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[scientific name]





most varieties semi-dormant in winter.

mint used in teeth cleaning preparations as far back as 6th century

eastern herb – introduced to Europe through north Africa

Spearmint and Peppermint asr a favourite for tea

Greeks used mint to clean their dining tables and in their bath water.

Romans regaurded mint as a stimulant and used it in sauces.  They are also responsible for bringing mint to Britain.

Grows by runners

Excellent for plating around fruit trees (mow it if it grows out too far)


prone to rust.  If this happens cut it right back to ground level, cover with compost and water.  it will generally spring back rust free.

Companion to cabbages and tomatoes.  May act as a deterant to white cabbage butterfly.

chopped and mixed with vegetables such as peas, tomatoes, cucumber, and potatoes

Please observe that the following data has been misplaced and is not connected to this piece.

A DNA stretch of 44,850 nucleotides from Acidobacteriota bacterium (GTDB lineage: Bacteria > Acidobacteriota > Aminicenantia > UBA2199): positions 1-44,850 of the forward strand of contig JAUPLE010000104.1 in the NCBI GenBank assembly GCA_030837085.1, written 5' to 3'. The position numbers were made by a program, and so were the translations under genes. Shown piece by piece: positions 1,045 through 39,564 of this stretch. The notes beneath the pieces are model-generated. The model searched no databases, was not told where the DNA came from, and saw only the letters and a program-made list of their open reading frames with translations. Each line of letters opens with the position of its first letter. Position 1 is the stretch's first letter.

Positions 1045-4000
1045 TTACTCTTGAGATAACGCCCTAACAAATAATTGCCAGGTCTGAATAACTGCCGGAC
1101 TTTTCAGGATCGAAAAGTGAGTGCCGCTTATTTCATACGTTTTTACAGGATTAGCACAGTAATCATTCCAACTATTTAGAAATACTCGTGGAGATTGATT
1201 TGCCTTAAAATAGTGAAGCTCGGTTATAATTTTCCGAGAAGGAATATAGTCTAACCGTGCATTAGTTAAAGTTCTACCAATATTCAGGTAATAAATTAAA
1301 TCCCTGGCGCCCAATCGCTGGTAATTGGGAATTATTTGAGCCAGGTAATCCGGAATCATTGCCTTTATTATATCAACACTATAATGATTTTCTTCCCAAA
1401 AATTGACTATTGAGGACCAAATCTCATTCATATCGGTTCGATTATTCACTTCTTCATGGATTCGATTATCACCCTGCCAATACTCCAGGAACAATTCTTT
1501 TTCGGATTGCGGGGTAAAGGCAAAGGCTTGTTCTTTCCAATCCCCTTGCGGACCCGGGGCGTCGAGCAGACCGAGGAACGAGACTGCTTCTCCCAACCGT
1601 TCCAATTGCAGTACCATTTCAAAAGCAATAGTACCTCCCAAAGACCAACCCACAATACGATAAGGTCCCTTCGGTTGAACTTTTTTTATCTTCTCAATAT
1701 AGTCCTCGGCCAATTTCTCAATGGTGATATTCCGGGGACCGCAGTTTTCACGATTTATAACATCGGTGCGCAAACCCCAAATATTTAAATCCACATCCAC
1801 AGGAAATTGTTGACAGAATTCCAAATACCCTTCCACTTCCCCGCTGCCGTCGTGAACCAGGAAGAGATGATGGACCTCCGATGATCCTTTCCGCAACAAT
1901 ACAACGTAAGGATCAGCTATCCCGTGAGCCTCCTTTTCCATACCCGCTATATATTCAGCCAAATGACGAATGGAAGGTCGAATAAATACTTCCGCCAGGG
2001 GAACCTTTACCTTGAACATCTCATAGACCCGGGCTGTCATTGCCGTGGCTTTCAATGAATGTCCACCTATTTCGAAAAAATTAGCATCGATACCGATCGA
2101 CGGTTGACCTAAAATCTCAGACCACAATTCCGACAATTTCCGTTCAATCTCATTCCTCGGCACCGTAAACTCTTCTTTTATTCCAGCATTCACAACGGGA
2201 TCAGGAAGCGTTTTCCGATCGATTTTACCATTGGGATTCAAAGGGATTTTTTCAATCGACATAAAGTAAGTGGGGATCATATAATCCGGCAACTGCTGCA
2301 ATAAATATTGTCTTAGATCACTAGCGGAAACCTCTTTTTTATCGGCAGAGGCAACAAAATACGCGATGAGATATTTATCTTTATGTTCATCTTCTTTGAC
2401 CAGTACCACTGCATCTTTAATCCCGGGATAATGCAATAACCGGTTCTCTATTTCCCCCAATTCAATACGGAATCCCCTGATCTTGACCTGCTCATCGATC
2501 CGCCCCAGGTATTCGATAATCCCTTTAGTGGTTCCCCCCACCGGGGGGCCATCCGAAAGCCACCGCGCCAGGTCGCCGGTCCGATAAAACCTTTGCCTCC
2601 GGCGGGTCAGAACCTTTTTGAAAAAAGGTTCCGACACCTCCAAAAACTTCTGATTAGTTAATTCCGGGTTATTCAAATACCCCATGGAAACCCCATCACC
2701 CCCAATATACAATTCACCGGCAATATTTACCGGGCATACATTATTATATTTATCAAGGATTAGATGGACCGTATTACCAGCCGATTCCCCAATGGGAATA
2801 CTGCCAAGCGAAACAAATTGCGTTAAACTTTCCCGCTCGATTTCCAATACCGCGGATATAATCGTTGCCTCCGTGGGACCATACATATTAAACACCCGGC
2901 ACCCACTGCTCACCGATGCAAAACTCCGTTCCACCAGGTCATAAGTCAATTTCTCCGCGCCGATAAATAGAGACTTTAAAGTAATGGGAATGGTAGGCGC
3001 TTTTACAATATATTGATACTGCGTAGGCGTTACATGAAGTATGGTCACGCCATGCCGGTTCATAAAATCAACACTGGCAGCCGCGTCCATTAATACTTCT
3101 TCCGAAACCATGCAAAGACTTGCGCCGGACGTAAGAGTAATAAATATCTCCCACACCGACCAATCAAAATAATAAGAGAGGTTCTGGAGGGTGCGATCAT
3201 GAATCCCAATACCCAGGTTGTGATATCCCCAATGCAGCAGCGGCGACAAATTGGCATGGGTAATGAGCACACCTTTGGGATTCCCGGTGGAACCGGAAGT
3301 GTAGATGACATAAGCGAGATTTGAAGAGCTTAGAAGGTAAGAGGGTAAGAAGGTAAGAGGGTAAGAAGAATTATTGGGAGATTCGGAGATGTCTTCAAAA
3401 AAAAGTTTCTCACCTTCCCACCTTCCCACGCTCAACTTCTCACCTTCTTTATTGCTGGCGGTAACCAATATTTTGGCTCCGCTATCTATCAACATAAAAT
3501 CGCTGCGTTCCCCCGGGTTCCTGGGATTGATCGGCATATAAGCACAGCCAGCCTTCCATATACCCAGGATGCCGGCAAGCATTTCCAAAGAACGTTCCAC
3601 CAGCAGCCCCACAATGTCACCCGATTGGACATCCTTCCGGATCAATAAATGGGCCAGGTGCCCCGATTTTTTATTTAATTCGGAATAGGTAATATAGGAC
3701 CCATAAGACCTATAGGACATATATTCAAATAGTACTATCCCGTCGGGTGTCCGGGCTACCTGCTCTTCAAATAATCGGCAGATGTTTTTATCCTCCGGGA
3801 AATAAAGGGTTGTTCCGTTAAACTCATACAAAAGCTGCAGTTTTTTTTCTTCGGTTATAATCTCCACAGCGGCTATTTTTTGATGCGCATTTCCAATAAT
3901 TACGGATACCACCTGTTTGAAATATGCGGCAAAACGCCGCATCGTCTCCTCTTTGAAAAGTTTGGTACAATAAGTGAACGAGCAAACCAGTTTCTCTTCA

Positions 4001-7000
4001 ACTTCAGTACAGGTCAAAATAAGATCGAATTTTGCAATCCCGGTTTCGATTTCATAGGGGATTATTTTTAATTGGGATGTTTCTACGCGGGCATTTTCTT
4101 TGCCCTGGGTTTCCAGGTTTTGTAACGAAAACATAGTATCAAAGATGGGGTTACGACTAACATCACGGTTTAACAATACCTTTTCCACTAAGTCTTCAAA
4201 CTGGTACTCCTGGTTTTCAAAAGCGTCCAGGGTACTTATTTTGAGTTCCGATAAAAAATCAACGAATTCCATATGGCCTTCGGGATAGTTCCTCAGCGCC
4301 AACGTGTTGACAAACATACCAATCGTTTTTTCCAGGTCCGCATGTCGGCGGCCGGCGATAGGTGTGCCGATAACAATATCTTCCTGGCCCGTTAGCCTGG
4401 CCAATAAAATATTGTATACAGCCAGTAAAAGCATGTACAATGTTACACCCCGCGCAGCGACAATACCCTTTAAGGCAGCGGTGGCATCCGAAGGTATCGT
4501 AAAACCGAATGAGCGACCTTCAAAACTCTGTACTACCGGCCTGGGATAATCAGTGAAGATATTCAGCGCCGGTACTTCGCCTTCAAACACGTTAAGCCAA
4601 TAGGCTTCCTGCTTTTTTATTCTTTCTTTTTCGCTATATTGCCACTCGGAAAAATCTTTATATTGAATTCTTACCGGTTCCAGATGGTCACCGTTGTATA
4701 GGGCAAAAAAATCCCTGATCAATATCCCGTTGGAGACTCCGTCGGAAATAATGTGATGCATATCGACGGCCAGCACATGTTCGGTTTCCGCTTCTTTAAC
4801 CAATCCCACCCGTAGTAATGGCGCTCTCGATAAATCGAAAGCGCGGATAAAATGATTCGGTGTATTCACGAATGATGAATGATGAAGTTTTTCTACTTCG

mint sauce with roast lamb

flavour diminishes the longer it is cooked.  Add at the last minute


Japanese mint Mentha arvensis L. – source of true menthol

rub a leaf to rupture the oil glands and inhale if you have a blocked nose or chew a leaf for a sore throat

Excellent chopped in a fruit salad

Coat in chocolate and serve with coffee


Peppermint  (mentha x piperita)

high in magnesium and helps to relax the stomach


Sweet mint

a soft mint not prone to rust.




can become invasive


Vietnamese mint Persicaria odorata

laska leaf

eaten raw in salads or in spring rolls


used alongside mint and coriander

does not tolerate frost

fertile soil with plenty of moisture



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